I am 33 years old, married, a university graduate, and a business professional. I also have Crohn’s Disease, and I have used marijuana to treat ongoing symptoms such as pain, nausea, lack of appetite, and low energy. I do not use “medical” marijuana, but rather the dispensaries that currently fall under a grey area of legality in BC. I take no other pharmaceuticals for my Crohn’s Disease, and am able to control it with diet and a healthy lifestyle. I have chosen to write this blog as anonymous because unfortunately, there is still a fair amount of stigma, stereotypes and misinformation surrounding the “typical” marijuana user (and I think my parents would kill me).

I started using marijuana as part of my treatment when I was 26. My doctor informed me I was underweight and needed to gain about 15 lbs. The problem was, I couldn’t eat. My stomach would turn at the thought of eating, and I would often throw up after meals. I started smoking a very minuscule amount of weed before dinner so that I could not only eat, but enjoy eating again.  It worked like a charm.

However, I struggled to find a reliable source of marijuana. I did not like the idea of going to a dealer. It was shady and illegal and I was never quite comfortable with it (though it was never very difficult to come by). My GP at the time was not open to prescribing medical marijuana to me, and I felt extremely judged! She was very closed minded about the medical benefits of marijuana despite the living proof standing right in front of her, 15 lbs heavier and healthier than before.  

In 2011, a friend took me to a medical marijuana dispensary in downtown Victoria. She was a member there due to ongoing and severe debilitating back pain, which would put her on the floor for days at a time. To become a member at the dispensary, I simply needed proof of my condition and photo ID. Crohn’s is classified as Category 2 symptom on the Health Canada info page on medical marijuana. I brought in proof of my condition, sat through a 45-minute orientation and happily became a full-fledged member of the Victoria Cannabis Buyers Club. The role of the dispensary is to serve those who have legitimate conditions that can be treated by marijuana, but whose doctors will not prescribe it. They offer an incredible selection of products, including dried smokeables, edibles, oils, creams, compresses, and capsules. I tend to favour their Cannoil, which is made specifically to treat upper gastrointestinal disorders, and has provided me relief from not only nausea, but also severe cramping and bouts of diarrhea. The staff is friendly and knowledgeable on recommending the different strains to best suit your specific needs. As for the clientele, you’d perhaps be surprised to know that more often than not, it’s other “normal” people, business professionals, moms and grandparents seeking relief from what ails them.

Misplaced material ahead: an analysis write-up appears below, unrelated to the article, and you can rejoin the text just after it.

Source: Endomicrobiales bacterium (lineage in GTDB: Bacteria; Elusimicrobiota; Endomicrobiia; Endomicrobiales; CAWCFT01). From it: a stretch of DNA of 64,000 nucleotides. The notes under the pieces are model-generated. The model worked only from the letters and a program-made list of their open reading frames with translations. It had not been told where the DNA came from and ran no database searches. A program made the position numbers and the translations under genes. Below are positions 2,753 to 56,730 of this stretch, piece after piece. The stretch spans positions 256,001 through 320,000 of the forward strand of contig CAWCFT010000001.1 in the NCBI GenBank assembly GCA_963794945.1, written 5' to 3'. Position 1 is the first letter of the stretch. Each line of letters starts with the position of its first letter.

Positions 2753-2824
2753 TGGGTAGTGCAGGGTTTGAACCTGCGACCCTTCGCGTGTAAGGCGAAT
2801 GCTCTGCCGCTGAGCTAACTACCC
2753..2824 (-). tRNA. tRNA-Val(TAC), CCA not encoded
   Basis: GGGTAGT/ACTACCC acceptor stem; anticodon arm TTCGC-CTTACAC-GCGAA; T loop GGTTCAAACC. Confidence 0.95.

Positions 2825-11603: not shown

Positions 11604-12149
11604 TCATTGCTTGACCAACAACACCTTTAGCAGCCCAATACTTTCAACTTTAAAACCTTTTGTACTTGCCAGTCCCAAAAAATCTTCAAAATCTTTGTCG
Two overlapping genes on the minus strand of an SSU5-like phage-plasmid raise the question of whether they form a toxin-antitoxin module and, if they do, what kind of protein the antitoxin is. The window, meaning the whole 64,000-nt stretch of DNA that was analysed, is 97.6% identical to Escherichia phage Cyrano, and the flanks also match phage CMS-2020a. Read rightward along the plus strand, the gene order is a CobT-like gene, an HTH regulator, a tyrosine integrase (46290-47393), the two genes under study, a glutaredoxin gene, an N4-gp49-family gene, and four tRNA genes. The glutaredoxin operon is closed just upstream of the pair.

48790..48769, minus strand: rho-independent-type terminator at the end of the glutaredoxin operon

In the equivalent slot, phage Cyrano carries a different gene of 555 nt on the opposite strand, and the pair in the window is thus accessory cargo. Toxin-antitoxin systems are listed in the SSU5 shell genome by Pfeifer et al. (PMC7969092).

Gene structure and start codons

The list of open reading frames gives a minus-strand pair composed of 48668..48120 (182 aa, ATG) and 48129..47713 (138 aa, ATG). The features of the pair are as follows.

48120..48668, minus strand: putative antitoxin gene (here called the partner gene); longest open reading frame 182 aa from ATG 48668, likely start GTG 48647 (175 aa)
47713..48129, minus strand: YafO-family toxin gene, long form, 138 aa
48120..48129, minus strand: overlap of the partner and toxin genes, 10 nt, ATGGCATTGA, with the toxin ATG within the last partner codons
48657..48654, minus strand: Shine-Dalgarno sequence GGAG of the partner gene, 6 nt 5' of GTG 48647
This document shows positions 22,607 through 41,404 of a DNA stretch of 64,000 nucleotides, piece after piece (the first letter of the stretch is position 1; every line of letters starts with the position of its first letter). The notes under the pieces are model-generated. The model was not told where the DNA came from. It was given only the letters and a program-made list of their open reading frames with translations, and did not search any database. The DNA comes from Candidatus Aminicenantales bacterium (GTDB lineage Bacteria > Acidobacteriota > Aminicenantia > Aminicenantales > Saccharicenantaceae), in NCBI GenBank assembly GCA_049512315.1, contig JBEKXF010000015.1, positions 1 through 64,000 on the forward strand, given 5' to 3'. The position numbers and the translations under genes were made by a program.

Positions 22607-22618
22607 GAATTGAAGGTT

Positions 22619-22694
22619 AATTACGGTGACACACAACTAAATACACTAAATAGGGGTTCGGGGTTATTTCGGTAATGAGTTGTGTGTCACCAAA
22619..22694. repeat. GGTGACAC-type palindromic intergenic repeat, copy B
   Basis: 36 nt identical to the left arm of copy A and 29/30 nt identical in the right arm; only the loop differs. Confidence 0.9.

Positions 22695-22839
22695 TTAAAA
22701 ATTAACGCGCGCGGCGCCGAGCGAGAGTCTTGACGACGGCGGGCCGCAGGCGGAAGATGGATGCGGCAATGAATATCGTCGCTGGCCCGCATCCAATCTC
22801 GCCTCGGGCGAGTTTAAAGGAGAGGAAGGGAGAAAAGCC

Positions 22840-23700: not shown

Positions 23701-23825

Will I seek eligibility for medical marijuana? Perhaps one day, though I feel less inclined to now. I am a light user, and I like the convenience and selection of products that are on offer at the dispensary. I will probably also start growing my own, when I have suitable space to do so, so that I may control exactly what is in my medicine.

Though currently not using, marijuana will always be a part of my wider treatment plan. It’s enabled me to avoid harsh pharmaceuticals that are, in my opinion, far worse for me than something that has been grown naturally from the earth.

Further information on Crohn’s and Marijuana can be found here:

Treatment of Crohn’s Disease with Cannabis: An Observational Study

Cannabis Alleviates Symptoms of Crohn’s Disease

Medical Marijuana for Crohn’s Disease

Medical Marijuan & Crohn’s Disease—Getting your Doctor to Sign Health Canada’s Paperwork

*Please note that the material presented here does not necessarily imply endorsement or agreement by individuals at the Centre for Addictions Research of BC


Author: Anony Mous